Whatever the post-Covid future, the new normal will require a fundamental change in the leadership of companies. What kind of mentality should leaders have to do business and innovation in a world that will be completely different? In a period in which the temptation will be to be increasingly competitive due to the scarce resources available, learning to share may be the only strategy that can guarantee survival.
Roberto Verganti, Professor of Leadership and Innovation
School of Management Politecnico di Milano, Stockholm School of Economics, Harvard Business School
Many executives wonder about a fundamental question: how to get ready for the “new normal”? How markets will look like when the main wave(s) of the Covid-19 pandemic will recede? How to redesign products, services and operations to address potential structural shifts?
The start line to rethink how we operate is getting close. Those who get ready now, will start with the right foot. Those who wait, will look like dinosaurs from an old era (though that era was just a few months earlier).
Magazines, futurists, consultants, organizations. Everyone is trying to picture how the scenario will look like as people open up their doors to a new normal life. And everyone agrees on two things: first, the world will look different than before. Second, this transformation will not be temporary. Even when Covid-19 will be fully defeated (and hopefully it will be), our attitude towards socialization, our openness towards the world, our need for health (and anxiety for new infections), will be radically different, for the bad, but also for the good.
Yet, as we move closer and try to get into the details of how life will look like, how markets and operations will work, the real challenge emerges: the phenomenon we are facing is so unprecedented, disproportioned, and swift that capturing the essence of what will happen is implausible. A simple figure to explain the rapidity and magnitude of the discontinuity: in March 2020 more than 7 million Americans have filed for jobless claims per week. This is about tenfold compared to what happened during the financial crisis in 2008. So, regardless to the intelligence and effort we invest to predict what will happen, we need to admit that the answer to the question “how the world will look like?” is: no one really knows. This is a bit of a dismay for the classic way we picture leaders (and experts), who are supposedly those who always know. Yet, in this context, “pretending to know” is the most dramatic mistake we could do.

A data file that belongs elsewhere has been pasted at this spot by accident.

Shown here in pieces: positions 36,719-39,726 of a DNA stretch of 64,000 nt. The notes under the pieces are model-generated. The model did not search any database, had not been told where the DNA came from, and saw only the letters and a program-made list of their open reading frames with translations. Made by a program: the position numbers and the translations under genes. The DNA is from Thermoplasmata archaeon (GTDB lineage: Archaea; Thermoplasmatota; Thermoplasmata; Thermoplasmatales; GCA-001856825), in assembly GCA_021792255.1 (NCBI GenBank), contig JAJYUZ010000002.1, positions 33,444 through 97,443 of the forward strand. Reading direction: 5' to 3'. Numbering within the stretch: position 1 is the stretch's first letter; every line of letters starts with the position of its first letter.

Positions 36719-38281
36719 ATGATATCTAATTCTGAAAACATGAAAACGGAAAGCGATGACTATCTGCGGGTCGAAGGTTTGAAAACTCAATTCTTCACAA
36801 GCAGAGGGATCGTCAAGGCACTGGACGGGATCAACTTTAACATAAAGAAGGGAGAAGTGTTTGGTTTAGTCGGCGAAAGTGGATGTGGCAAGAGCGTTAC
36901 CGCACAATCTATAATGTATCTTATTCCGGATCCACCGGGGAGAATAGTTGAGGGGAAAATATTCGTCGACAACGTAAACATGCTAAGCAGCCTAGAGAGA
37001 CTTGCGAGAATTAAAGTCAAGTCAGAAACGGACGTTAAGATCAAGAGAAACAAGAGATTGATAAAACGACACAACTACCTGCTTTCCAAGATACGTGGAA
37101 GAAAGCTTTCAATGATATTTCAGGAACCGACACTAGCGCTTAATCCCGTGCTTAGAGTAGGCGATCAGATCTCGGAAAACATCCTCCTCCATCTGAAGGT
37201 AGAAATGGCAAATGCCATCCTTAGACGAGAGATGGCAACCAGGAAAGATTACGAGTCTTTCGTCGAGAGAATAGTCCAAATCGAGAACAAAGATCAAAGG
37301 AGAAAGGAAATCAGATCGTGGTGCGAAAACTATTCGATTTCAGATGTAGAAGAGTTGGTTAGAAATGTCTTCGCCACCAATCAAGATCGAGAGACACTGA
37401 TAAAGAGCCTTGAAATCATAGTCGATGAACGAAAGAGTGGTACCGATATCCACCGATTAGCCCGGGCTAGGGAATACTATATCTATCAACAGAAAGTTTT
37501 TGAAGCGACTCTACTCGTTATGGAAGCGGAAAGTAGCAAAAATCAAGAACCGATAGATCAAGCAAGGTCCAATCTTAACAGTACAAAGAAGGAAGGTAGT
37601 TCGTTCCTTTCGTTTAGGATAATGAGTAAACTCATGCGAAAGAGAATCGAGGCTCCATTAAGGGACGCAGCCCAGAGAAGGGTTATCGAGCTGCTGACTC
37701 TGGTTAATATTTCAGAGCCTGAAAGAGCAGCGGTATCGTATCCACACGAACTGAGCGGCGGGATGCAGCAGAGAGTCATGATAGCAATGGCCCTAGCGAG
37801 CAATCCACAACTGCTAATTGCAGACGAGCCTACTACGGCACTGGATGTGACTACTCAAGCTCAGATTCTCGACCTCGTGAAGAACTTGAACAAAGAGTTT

Amy Edmondson illustrates in her book The Fearless Organization that when a person admits that she does not know, then she opens the doors to learning. To understand how to do business in the new normal the mindset we need therefore is not to guess how it will be, but to get prepared to learn.
How? Being the context completely new, we cannot rely on past experience. We will need to learn “on the fly” through continuous experiments and adaptation. There are two ways to experiment and learn: by competing (learning by trying) or by collaborating (learning by sharing).
Learn by Trying. This the classic way of learning. The purpose here is to learn by yourself in order to beat your competitors. In this approach, organizations compete by conducting different experiments. Each organization tries its own ideas, fail, learn, adjusts the direction, and iterate. As companies aim to disrupt their competitors, they do not share their findings and insights with other organizations, nor the data that fuel the learning. This implies that every time an organization has an idea, it needs to explore it by only relying on its own resources.
Learn by Sharing. In this approach organizations conduct again different experiments. They generate their own ideas and iterate. However, they share the data and findings of their experiments. Why? Because this way they can leverage the trials of other players. If an idea has already been tested, and fails, others can avoid this unpromising path and focus on other options. And if the idea succeeds, others can build on top of it, instead of having everyone starting from scratch. Of course, this path reduces distances among competitors. Disruptions with one big winner and many losers are less likely to happen. But the advantage, however, is that that this approach requires less resources (individual and collective) and less time to get to good solutions. This increase in overall productivity and speed facilitates the growth of demand for solutions, which fuels returns to each player. In other words, this mechanism of learning replicates the mechanisms of the prisoner’s dilemma: cooperation between players leads to higher yields than what players would earn if they would maximize their own individual returns.